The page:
One of the teachers noticed a little one peering in her window, and she stepped outside to ask him what he was looking for. It happened to be a teacher who knew Bree, so when he said he was looking for his sissy, the teacher took him to her class. Bree, knowing that Tami was supposed to be picking him up after school, asked her teacher to be excused to take him up to the front office.

When they arrived, Tami and both of the kindergarten teachers were there, trying to figure out if it was time to notify me that they had lost my son. The immediate sense of relief gave way to frustration and anger, and all three of the women let Nicholas know in no uncertain terms all the fear and worry he had caused. Frankly, they scared him--not that I blame them. It never occurred to him that everyone was looking for him; he had no concept of time or any idea that his wandering adventure was such a cause for alarm. By the time he was strapped into the car seat and on the way back to Tami's, he was indignant and crying, mad that everyone was yelling and upset with him.

In the meantime, I was blissfully unaware of Nicholas' misadventures. Tami and Nicholas got back to her daycare, and she sent him into the nap room. She was emotionally exhausted, but she needed to relieve her aide, who had been holding down the fort and managing the other daycare kids while she scoured the school looking for him. Still angry at all of the unexpected ire he'd encountered at school, Nicholas decided he'd had enough of Tami's, and he snuck out the back door. He was ready to call it a day and be home, so he headed on down the road. Imagine Tami's horror when she discovered that Nicholas was on the lam for the second time that day.

She called the nearby elementary school to see if he might have wandered over there to play on the playground. No sign of a stray kid. She searched her yard and every part of her house. After yet another twenty minutes or so of searching, the school called her and said that one of their aides had been driving home and had encountered a little boy, trudging down the road (toward a busy street where cross traffic does not stop!)--hot, tired, but looking like a man with a mission. (Amazingly, the kid had a great sense of direction for a five year old. Though he had never made the trek on foot, he was three blocks away from Tami's, on the right track towards home.) The aide thought he might belong to the school she worked at, and since Tami had recently called looking for a missing boy, the secretary figured he was my little runaway and called Tami to come and get him.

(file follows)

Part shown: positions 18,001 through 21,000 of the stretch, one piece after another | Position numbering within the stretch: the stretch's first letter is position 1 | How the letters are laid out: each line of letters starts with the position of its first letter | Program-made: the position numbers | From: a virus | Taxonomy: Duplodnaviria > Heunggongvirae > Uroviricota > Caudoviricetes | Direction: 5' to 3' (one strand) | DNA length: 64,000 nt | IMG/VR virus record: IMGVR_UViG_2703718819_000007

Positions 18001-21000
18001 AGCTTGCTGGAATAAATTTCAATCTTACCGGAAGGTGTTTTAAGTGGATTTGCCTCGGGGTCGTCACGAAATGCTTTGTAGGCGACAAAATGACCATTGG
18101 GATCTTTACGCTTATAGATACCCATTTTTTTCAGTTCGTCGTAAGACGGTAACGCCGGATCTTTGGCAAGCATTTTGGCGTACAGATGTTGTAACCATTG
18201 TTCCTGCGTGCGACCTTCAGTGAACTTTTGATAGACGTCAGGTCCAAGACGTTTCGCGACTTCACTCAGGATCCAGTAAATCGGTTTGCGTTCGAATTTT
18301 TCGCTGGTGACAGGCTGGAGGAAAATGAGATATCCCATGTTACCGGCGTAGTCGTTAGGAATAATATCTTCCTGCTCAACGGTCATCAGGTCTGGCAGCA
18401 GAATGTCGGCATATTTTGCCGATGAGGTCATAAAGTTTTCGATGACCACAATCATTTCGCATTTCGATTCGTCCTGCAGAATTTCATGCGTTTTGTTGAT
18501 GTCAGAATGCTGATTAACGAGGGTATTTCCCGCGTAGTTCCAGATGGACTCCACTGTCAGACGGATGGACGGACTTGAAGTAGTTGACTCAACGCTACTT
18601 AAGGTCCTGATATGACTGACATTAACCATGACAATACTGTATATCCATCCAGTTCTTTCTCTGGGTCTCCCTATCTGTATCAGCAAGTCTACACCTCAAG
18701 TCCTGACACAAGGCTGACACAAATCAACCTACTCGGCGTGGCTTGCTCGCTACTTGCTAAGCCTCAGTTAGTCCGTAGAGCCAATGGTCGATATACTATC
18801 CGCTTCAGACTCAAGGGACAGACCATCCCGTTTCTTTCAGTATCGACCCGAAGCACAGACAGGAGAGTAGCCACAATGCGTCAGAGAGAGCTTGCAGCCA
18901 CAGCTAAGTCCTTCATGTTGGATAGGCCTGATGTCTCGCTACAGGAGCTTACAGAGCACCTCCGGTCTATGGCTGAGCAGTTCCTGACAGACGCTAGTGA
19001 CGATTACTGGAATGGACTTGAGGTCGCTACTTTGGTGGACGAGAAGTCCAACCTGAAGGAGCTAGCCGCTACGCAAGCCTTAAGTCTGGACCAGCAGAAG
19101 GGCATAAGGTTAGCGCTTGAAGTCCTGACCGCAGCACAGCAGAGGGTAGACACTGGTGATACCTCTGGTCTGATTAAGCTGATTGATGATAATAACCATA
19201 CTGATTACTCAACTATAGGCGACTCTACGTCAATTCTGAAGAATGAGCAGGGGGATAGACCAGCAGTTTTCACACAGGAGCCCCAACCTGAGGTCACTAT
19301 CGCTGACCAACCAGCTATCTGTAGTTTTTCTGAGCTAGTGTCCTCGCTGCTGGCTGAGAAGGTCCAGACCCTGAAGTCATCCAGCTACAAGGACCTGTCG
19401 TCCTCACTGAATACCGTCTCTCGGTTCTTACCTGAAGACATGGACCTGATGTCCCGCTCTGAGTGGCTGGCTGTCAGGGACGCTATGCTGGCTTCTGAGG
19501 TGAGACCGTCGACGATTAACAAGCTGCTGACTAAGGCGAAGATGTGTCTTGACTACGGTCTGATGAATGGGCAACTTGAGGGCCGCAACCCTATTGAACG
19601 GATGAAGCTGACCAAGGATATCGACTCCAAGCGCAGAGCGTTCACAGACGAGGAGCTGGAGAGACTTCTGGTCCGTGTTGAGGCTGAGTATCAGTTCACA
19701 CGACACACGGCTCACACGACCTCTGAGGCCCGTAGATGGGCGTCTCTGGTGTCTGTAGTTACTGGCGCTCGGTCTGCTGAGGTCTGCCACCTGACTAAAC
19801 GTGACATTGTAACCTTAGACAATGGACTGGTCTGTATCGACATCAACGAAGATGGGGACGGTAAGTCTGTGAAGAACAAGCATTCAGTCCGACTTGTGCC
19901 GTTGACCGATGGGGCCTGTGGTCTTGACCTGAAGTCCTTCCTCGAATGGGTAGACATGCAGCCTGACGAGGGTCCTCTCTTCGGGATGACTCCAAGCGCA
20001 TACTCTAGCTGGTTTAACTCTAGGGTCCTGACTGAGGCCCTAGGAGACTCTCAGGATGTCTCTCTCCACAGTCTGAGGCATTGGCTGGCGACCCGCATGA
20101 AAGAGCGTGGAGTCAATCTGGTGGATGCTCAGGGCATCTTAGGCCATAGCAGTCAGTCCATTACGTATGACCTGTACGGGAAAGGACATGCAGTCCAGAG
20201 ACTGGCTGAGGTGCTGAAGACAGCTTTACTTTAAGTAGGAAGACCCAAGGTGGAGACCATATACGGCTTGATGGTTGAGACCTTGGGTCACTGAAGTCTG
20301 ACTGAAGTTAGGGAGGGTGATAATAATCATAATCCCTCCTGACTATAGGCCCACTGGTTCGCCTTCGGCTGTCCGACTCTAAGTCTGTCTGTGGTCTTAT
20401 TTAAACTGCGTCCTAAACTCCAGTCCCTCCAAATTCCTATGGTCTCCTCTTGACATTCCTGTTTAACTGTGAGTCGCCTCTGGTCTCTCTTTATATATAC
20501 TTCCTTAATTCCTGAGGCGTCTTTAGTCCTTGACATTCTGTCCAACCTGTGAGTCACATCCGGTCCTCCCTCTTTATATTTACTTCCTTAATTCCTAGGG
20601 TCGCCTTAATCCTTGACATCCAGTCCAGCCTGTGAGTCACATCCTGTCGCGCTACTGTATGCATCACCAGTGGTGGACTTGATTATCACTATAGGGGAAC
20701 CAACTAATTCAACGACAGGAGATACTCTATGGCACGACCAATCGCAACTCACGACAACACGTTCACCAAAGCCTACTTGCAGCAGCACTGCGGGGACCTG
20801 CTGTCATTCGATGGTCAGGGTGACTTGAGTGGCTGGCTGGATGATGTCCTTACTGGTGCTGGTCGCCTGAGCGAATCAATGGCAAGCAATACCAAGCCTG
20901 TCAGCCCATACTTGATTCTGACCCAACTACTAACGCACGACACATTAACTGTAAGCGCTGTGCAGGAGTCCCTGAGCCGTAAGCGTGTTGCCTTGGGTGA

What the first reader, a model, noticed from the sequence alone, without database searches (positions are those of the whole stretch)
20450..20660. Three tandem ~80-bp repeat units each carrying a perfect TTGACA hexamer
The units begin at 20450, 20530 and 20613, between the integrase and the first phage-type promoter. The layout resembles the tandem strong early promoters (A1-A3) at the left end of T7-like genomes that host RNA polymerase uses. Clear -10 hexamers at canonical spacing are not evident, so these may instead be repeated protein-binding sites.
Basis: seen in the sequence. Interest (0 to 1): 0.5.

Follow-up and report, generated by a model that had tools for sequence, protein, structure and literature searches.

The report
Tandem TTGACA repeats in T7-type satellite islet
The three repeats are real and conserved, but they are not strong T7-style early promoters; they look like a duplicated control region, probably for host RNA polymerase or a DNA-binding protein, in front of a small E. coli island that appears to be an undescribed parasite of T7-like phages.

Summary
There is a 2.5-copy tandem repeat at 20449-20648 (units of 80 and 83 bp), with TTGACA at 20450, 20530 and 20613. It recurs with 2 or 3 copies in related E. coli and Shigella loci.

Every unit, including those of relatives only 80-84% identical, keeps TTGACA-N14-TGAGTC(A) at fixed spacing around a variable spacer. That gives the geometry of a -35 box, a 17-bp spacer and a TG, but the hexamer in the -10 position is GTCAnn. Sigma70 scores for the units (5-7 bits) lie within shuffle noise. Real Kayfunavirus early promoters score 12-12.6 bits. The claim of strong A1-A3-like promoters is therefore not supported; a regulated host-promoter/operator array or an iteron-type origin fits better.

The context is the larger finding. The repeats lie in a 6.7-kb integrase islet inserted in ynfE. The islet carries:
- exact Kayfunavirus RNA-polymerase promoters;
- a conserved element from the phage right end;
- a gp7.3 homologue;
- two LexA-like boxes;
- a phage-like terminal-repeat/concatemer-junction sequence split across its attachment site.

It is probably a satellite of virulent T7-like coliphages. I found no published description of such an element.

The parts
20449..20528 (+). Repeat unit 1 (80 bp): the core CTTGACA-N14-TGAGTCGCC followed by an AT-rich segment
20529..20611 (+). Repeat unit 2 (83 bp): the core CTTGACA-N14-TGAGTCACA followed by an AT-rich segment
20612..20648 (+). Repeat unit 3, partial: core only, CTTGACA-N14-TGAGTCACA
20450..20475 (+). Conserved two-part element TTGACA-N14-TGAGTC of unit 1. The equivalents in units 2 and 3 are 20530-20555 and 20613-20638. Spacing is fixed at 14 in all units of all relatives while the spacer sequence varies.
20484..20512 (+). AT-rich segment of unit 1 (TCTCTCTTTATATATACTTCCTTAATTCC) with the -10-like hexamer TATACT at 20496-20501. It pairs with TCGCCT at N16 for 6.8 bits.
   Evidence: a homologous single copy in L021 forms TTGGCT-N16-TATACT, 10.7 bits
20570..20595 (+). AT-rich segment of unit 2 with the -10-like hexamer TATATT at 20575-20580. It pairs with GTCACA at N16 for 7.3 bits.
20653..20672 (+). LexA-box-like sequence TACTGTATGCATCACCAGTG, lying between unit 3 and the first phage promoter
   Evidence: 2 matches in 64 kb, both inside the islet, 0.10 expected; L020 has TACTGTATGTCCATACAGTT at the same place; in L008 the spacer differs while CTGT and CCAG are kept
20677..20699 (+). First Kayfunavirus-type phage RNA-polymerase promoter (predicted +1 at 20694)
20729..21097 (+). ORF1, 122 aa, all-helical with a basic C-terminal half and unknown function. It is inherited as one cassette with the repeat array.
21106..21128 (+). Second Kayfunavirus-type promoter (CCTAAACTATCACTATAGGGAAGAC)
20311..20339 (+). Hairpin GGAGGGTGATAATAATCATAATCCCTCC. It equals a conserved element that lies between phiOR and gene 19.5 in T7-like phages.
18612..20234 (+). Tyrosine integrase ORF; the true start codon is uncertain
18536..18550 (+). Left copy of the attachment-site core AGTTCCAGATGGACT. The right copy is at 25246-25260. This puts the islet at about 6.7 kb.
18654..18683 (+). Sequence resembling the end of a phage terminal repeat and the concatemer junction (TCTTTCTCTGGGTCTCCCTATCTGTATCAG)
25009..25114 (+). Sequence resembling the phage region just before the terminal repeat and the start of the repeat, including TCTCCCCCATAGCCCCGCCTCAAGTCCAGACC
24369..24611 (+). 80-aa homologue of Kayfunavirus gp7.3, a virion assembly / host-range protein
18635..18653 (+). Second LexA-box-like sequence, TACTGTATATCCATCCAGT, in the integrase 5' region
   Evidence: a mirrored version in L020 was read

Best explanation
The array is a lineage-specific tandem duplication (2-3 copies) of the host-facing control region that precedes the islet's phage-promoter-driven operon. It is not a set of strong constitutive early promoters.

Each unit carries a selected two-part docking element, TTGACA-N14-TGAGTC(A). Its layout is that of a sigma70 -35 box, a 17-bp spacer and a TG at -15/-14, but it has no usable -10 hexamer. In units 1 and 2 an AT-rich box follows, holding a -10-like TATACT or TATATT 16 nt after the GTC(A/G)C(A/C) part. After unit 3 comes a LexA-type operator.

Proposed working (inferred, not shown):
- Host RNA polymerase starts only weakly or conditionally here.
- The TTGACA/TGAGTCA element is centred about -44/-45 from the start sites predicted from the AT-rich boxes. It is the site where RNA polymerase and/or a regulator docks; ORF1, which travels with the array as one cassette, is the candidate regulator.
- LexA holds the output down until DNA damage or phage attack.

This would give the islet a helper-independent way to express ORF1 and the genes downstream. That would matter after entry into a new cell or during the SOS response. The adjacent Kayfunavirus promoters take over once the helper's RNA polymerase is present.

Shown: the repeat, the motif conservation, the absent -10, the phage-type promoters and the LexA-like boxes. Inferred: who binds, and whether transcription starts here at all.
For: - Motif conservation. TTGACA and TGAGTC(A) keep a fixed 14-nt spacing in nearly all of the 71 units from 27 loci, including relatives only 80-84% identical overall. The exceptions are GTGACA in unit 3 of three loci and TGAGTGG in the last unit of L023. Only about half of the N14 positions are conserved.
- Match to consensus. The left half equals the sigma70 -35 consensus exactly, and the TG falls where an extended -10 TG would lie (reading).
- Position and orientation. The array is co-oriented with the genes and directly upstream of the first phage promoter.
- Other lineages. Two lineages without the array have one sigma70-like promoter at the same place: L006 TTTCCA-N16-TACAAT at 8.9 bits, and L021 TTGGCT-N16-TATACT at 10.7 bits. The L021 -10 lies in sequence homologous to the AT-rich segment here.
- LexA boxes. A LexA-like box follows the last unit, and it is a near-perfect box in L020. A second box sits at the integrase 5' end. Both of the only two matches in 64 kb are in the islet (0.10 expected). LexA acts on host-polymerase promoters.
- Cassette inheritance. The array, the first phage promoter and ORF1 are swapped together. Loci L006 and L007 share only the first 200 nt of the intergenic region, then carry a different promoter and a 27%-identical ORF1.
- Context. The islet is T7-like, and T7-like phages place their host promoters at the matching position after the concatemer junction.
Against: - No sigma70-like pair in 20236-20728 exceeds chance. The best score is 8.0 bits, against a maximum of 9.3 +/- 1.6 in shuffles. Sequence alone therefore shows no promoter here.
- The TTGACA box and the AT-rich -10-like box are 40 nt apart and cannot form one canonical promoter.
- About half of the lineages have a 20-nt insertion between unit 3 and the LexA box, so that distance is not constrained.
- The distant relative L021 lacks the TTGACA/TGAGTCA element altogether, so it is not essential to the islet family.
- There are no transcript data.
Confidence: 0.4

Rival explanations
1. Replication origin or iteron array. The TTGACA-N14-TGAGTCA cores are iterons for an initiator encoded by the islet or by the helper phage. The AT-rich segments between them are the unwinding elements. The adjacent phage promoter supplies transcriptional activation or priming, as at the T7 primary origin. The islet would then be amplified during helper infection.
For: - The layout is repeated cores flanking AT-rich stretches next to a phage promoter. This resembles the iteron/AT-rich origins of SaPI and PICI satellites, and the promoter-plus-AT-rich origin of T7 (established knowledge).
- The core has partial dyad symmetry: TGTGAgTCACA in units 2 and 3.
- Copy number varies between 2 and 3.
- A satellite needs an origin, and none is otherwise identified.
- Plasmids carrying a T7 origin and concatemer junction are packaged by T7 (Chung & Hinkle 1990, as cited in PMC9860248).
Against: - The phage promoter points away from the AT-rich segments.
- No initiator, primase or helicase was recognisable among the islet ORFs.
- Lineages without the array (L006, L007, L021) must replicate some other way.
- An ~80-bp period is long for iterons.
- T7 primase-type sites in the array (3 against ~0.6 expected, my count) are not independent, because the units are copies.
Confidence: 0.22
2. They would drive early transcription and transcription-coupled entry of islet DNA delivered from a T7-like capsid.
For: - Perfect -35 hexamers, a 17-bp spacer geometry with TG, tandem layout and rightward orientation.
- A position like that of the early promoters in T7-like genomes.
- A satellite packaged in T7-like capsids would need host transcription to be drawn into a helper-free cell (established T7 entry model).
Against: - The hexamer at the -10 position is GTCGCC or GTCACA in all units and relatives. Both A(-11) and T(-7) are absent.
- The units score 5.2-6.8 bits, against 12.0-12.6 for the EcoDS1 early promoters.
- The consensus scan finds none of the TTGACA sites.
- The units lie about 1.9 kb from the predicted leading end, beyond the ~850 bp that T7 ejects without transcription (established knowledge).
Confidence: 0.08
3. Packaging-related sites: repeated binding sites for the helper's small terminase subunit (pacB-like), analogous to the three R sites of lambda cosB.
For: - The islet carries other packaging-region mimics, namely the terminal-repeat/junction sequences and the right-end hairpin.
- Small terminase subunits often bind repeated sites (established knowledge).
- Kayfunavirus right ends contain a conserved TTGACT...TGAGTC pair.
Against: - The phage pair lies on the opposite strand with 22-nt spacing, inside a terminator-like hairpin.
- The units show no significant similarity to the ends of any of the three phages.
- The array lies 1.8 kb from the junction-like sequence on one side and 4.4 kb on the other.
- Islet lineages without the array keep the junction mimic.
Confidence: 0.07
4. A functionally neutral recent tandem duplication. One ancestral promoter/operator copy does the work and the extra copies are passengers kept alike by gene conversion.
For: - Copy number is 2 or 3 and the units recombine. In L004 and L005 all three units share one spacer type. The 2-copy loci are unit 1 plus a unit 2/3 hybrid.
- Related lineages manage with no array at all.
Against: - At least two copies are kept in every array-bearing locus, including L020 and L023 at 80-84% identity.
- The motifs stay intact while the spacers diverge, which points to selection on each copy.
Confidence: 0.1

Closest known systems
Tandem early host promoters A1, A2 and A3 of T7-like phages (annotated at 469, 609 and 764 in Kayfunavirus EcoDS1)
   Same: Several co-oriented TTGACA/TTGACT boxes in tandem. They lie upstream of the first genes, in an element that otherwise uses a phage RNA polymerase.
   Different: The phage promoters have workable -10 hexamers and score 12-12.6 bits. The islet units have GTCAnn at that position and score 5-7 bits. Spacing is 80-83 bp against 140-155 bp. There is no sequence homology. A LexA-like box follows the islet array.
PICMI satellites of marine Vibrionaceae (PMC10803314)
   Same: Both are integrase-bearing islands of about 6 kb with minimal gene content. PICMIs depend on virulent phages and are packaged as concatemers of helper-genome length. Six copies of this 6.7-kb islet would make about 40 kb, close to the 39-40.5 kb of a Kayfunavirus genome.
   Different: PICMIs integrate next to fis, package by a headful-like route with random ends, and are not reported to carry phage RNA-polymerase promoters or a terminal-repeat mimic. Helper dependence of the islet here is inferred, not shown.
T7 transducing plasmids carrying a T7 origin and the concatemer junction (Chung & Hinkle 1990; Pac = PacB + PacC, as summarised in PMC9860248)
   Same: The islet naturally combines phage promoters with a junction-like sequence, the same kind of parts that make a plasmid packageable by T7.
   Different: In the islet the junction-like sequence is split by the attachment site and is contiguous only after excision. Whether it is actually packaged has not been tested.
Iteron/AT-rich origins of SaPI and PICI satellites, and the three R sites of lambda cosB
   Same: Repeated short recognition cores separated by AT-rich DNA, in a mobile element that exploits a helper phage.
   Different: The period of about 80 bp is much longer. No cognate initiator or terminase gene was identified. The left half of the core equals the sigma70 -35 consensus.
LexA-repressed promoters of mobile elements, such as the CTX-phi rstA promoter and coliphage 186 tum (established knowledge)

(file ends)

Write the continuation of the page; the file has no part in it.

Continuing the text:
The aide stayed with Nicholas, and offered him some water while they waited. Interestingly, she offered him a ride home, but he knew he wasn't supposed to ride with strangers, so he declined. (He didn't want to ride with strangers, but hiking two miles home on his own he was okay with--little minds are funny things!) Tami picked him up, but was so beside herself that she didn't say much to him. As soon as she got back home she picked up the phone and told me I needed to come get him--NOW. Her heart couldn't take it if he managed to slip away one more time.

Needless to say, my escape artist and I had a real heart-to-heart that night--something along the lines of how to avoid giving your loved ones nervous breakdowns. Seven years later, by the way, we're still working out the finer points of that lesson.


  1. I think you might be working in that lesson right up until he moves out for college :)

  2. You have another bright one here!! I am impressed that he was able to track his way back to the school all by himself. My boys would have panicked.